The relevant background facts are undisputed. The juvenile court took jurisdiction over K in January 2013 when she was less than eight months old and placed her in the legal custody of DHS. In January 2014, the court changed the permanency plan to adoption and, shortly thereafter, DHS filed petitions to terminate the parental rights of K's mother and father. In the meantime, she was placed with the foster parents. In September 2014, the court terminated the parental rights of mother and father and committed K to the legal custody and guardianship of DHS for purposes of consenting to adoption. At that time, the foster parents were K's identified adoptive resource. However, in January 2015, K's foster father slapped his six-year-old daughter in the face, and K's foster mother reported the incident to DHS. DHS removed K from the foster home, and DHS Child Protective Services (CPS) initiated a child abuse assessment (CPS assessment) under OAR chapter 413 to determine whether there was reasonable cause to believe that K's foster father had committed child abuse. K was placed with friends of the foster parents and, in accordance with a safety plan, had visitation with the foster parents.
After conducting the CPS assessment, DHS issued a "founded disposition" for child abuse under OAR 413-015-1000(2),
Based on the CPS assessment, the Kinship House evaluation, and foster father's psychological evaluation, DHS determined that it would not be in K's best interests for DHS to continue to pursue adoption with the foster parents. DHS informed the foster parents that their foster home certification was likely to be terminated, and the foster parents voluntarily withdrew their certification.
At a May 2015 permanency hearing, DHS informed the court that it was no longer considering the foster parents as an adoptive resource for K. After a June 2015 permanency hearing, the juvenile court entered the permanency judgment at issue in this appeal. In a letter opinion, the court explained that the founded disposition for child abuse was erroneous because the injuries caused by foster father to his daughter did not rise to
Accordingly, the court concluded in the permanency judgment that DHS was not in compliance with the current plan of adoption and ordered DHS to take specific corrective action: "DHS is ordered to: take actions necessary to correct DHS's earlier mistake, including restoring the foster/adoptive parent's certifications, reversing its incorrect legal conclusion, and taking action consistent with [the] correct legal conclusion." The "legal conclusion" referenced in the judgment is the "founded disposition" discussed at length in the court's letter opinion.
DHS appeals the permanency judgment, challenging the permanency judgment to the extent that it orders DHS to reverse its founded disposition and to recertify the foster parents.
To set DHS's appellate argument in context, we provide a basic overview of the statutory and administrative schemes that govern CPS assessments and DHS foster home certifications. When DHS receives a report of child abuse and neglect, it must, among other things, initiate an investigation "to determine the nature and cause of the abuse of the child." ORS 419B.020(1)(a). To implement that duty, DHS has adopted administrative rules that govern when and how CPS conducts assessments of reports of child abuse and neglect. See OAR 413-015-0105 ("The purposes of Child Protective Services are to identify unsafe children and to assure protection of children after a report of alleged child abuse or neglect is received by a screener."); see also OAR 413-015-0400-413-015-0440 (establishing CPS assessment procedure and requirements). Once CPS has conducted its assessment under the administrative rules, it must determine the appropriate disposition of the assessment. OAR 413-015-0440. OAR 413-015-1000 provides three possible dispositions: founded, unfounded, or unable to determine. When a CPS assessment results in a founded disposition (i.e., "there is reasonable cause to believe that child abuse or neglect occurred"), DHS must provide the affected party notice and an opportunity to request review of that disposition. OAR 413-010-0700; OAR 413-010-0721. DHS's administrative rules allow a party to seek additional levels of review within the agency, and DHS must provide notice of the decisions that result from that additional review. See OAR 413-010-0735 ("Local Child Welfare Office Review of CPS Founded Dispositions"); OAR 413-010-0745 ("Central Office Review of CPS Founded Dispositions"). Ultimately, a founded disposition is an administrative action by DHS that is subject to judicial review under the APA. See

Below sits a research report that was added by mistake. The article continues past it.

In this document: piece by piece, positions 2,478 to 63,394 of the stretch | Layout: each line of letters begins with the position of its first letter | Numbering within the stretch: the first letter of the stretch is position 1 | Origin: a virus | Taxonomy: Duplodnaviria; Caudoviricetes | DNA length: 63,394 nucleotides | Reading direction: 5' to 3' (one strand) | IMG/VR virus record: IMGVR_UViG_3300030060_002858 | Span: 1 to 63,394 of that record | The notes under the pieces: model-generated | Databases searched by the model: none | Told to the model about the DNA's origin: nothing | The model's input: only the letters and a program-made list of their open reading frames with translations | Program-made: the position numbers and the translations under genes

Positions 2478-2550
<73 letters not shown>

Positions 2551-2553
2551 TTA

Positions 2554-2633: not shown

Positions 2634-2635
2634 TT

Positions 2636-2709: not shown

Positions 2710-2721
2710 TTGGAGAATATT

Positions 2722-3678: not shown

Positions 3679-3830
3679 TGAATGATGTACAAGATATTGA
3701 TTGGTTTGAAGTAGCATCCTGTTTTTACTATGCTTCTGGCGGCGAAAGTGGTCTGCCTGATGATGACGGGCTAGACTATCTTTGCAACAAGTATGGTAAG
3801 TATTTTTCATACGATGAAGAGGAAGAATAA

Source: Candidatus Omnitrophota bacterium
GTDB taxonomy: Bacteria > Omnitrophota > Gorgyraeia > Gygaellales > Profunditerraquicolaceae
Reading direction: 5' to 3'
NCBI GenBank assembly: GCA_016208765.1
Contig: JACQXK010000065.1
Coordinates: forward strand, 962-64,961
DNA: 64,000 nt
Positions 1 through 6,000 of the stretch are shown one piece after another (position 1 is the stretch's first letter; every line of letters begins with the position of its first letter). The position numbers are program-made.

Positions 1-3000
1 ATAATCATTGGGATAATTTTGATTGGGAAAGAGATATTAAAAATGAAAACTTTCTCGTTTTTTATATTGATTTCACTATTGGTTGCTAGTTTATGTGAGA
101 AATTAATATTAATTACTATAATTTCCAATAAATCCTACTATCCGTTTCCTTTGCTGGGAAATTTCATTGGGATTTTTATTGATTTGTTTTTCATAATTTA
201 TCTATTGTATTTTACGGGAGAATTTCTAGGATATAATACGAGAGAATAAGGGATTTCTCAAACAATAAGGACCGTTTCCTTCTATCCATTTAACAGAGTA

Similarly, foster home certification is governed by administrative rules promulgated by DHS under its statutory authority to investigate the qualifications of foster care applicants. See ORS 418.625 — 418.645 (authorizing DHS approval and supervision of foster
As noted, DHS argues that, because a founded disposition of a CPS assessment and an order revoking or denying a foster home certification are administrative actions subject to review under the APA, the juvenile court erred when it ordered DHS in a permanency judgment to change the founded disposition and recertify the foster parents. We agree.
"When the APA provides for review of an agency action, the APA is the exclusive means of reviewing the validity of that action."
Portion of permanency judgment ordering the Department of Human Services to undo founded disposition and restore foster parents' certification reversed; otherwise affirmed.